Much of this is fun to read, but not much of it is new. As long ago as 1946, MCA was dubbed "The Star-Spangled Octopus" by the Saturday Evening Post. That was before MCA gave up the agency business (one step ahead of the Justice Department) in favor of movie and television production, studio tours, theme parks, and — McDougal says — stage-managing events in the Oval Office itself through Wasserman’s best-known client, the otherwise unemployable (but pliant) Ronald Reagan.
Rumors and allegations about mob-related activities have swirled around MCA for years, as have stories of excessive and sinister political influence, most of them already aired in Dan Moldea’s Dark Victory: Ronald Reagan, MCA and the Mob (1986), which McDougal acknowledges as a source. This is not to suggest that McDougal has left unturned any stone or clipping that might yield fresh evidence. He has not. A former Los Angeles Timesreporter who knows how to dig, he is the co-author (with attorney Pierce O’Donnell) of Fatal Subtraction: How Hollywood Really Does Business (1992), in which he demonstrated that he is nothing if not dogged.
McDougal’s publisher no doubt raised libel flags at every fact or allegation he crammed into The Last Mogul and probably a few that didn’t make the cut. But a disturbing number of his sources — including Wasserman’s ex-son-in-law — have prison records and/or obvious axes to grind. For all I know, they are all beyond reproach, but too many of them wind up suicides or dead in motel bathtubs; too many relationships are "cozy"; too many associates are "cronies"; too many sources are anonymous, relating too many "unexplained series of events" for the evidence to be persuasive in the absence of a smoking machine gun, preferably in a violin case.
McDougal is no F. Scott Fitzgerald, but even so, the exhaustive research that has gone into The Last Mogul is undermined by journalistic prose and undone by the hundreds — thousands? — of footnotes, which suggest promiscuity in the clipping files. They substitute poorly for the source notes this book lacks and desperately needs in order to establish and sustain credibility. This may be an editorial decision, but the pages suggest no editor at all to catch things like "nothing short of an oracle," when "miracle" is clearly intended. Nor does it inspire confidence in a book claiming to reveal the "Hidden History of Hollywood" to read that Mary Pickford was "The Biograph Girl" (it was Florence Lawrence) or that Pickford was discovered by Universal’s founder, Carl Laemmle (her discoverer was D.W. Griffith). Hitchcock was not forced by Wasserman to use Paul Newman and Julie Andrews in Torn Curtain; he boasted that stars were his insurance policy against failure. Sabrina Fairwas not a small off-Broadway show; it was a whopping big hit on Broadway with Joseph Cotten and Margaret Sullavan.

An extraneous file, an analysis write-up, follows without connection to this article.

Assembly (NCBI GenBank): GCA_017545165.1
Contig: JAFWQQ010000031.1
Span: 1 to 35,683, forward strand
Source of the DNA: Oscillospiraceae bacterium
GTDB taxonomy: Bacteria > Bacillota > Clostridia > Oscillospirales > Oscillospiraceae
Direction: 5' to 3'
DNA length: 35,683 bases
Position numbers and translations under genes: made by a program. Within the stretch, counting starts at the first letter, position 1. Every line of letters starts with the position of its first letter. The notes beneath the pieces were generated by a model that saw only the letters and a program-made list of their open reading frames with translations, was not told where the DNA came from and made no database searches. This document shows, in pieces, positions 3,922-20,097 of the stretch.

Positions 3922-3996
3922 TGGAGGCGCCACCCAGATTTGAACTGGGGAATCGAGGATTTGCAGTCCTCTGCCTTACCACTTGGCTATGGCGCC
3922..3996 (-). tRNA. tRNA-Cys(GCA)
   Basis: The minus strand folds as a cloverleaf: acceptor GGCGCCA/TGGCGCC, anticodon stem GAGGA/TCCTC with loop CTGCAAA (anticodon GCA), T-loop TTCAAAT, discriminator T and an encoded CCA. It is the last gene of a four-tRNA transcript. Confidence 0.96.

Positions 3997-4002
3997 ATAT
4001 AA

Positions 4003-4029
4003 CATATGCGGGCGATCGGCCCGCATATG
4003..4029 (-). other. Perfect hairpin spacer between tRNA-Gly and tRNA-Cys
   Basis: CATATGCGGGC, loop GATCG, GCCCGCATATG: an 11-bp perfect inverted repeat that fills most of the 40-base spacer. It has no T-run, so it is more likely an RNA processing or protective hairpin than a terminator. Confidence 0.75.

There are so many errors of this kind that I stopped counting, but the book’s greatest weakness is that, in overestimating him as an enforcer, McDougal underestimates the degree to which Wasserman truly changed Hollywood.
Wasserman virtually invented packaging when Mike Ovitz was still a law-school dropout and tour guide at Universal, dreaming of himself as a baby Wasserman. At a time when most Hollywood executives were selling off their patrimony, Wasserman was buying (the Paramount library, for instance), and imposing a corporate structure and strategy that ensured survival without reference to nostalgia or nicety. He took MCA from an agency that collected 10 percent to a corporation that not only divvied up the pie, but baked it. McDougal refers to "the indelible mark of Lew Wasserman" on pictures like Operation Petticoat and Imitation of Life (there’s a legacy for you), but where? The mark Wasserman left, unlike Thalberg’s, is not on pictures; it’s on contracts.
MCA is no more, of course, having been sold to Matsushita and then to Seagram’s, something Wasserman read about in the papers. Sic transit gloria. Seagram’s Universal has yet to find its own identity in the wake of Meet Joe Black and Babe: Pig in the City, but must do so in an industry Wasserman transformed as surely as he transformed a band-booking agency into an entertainment empire reaching all the way from the Bates Motel to the Lincoln Bedroom. McDougal acknowledges that Wasserman long ago earned a reputation as the smartest man in Hollywood, which isn’t the same as the nicest, or most tasteful, or most visionary. Along the way, he made himself at least a half-a-billionaire by "reduc[ing] movie making to the science of the slide rule," as McDougal writes. His real crime is, he may have reduced movies, too.Steven Bach is the author ofFinal Cut andMarlene Dietrich: Life and Legend. His biography of Moss Hart will be published by Knopf.